From Rotary Peace Wiki
/* Myth or Reality? Reconciliation in Sri Lanka */
== Myth or Reality? Reconciliation in Sri Lanka ==
<small>''Effective dialogue is required to regain trust among communities in Sri Lanka. After the war with the LTTE in 2009, there is a need to close ethnic divisions, improve social inclusion and to build social capital. Drivers of conflict include the scarcity of resources, lack of social cohesion and the lack of political stability. The impact of decades of armed conflict has also led to resentment among state and non-state actors. Furthermore, core problems of ethic division and grievances of the Tamil minority have not been fully addressed. A likely outcome is the presence of low-intensity conflict that could result in a humanitarian crisis because of increasing mistrust between the Sinhalese and Tamils that exacerbates the potential for conflict. It is critical to prevent a “stalemate” situation in its society where ethnic divisions remain stagnant and when there is potential for further deepening and alienation of communities. In this paper, conflict analysis is conducted with a discussion of possible scenarios. Broad recommendations are also proposed on to develop peace initiatives.''</small>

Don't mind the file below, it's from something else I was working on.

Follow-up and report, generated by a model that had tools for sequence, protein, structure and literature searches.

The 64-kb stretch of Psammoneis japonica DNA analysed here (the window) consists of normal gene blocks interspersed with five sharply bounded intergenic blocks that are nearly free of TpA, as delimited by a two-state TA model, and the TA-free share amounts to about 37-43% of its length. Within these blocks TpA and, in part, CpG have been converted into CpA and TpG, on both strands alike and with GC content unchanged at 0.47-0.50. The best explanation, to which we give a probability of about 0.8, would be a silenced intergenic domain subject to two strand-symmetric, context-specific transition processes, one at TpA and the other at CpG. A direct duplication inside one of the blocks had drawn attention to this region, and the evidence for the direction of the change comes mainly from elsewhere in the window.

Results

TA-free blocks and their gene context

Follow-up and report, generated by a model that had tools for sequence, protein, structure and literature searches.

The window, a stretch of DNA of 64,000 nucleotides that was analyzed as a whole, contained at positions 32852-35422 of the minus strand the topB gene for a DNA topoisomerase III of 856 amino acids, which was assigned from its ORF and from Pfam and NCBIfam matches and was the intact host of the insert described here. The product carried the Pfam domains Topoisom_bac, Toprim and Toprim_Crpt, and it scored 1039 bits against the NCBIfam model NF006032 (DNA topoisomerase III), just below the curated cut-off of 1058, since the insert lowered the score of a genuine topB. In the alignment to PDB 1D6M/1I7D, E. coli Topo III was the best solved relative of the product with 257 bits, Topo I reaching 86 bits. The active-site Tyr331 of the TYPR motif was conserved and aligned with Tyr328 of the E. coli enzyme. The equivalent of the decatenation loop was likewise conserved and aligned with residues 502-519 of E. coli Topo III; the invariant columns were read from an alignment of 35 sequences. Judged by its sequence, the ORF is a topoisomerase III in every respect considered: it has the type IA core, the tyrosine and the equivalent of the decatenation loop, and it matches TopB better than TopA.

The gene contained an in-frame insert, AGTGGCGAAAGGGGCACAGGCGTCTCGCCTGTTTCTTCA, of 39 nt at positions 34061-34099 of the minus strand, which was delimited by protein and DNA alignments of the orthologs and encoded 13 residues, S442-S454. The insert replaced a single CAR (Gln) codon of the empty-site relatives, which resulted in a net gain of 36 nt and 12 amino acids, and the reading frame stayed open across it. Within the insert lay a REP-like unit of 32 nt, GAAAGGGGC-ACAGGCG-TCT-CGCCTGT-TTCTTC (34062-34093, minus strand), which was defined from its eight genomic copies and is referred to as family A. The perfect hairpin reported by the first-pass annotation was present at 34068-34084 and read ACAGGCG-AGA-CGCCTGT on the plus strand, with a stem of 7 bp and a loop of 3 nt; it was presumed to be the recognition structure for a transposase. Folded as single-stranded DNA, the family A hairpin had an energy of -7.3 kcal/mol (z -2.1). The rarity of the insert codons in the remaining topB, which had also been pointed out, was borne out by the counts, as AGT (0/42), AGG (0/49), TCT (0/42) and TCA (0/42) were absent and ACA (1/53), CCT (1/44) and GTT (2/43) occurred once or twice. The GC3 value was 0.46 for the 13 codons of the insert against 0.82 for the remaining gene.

The Government. While the Sri Lanka government won the war against the LTTE, it is allegedly reported of committing violence against the confinement and execution of some 250,000 Tamil refugees during the final stages of the civil war. A report published in November 2011 by the UN Committee Against Torture highlighted that both sides committed war crimes against civilians but the government rejected the report, describing it as biased. The Sri Lanka government has also tried to “deflect criticism of its unlawful conduct in the final stages of the war”<ref>International Crisis Group, “Reconciliation in Sri Lanka: Harder than Ever”, p1.</ref>by promoting a Lessons Learnt and Reconciliation Commission (LLRC) to promote accountability and reconciliation. Among other things, little has been reported by several international NGOs that the government is “defensive” in its approach to identify perpetrators responsible for war crimes, which thus resulted in the current high mistrust on the government. In addition, there is severe skepticism among stakeholders especially from the affected parties, which could affect peace initiatives and future institutional development.
Influential State Actors. Sri Lanka’s northern neighbor, India, is a key player in the security environment and its foreign policy. It was reported that by Rao that “India views itself as a security manager of South Asia” <ref>Rao R, V. (1988). “Ethnic Conflict in Sri Lanka: India’s Role and Perception”, Asian Survey 28, No.4, p419.</ref>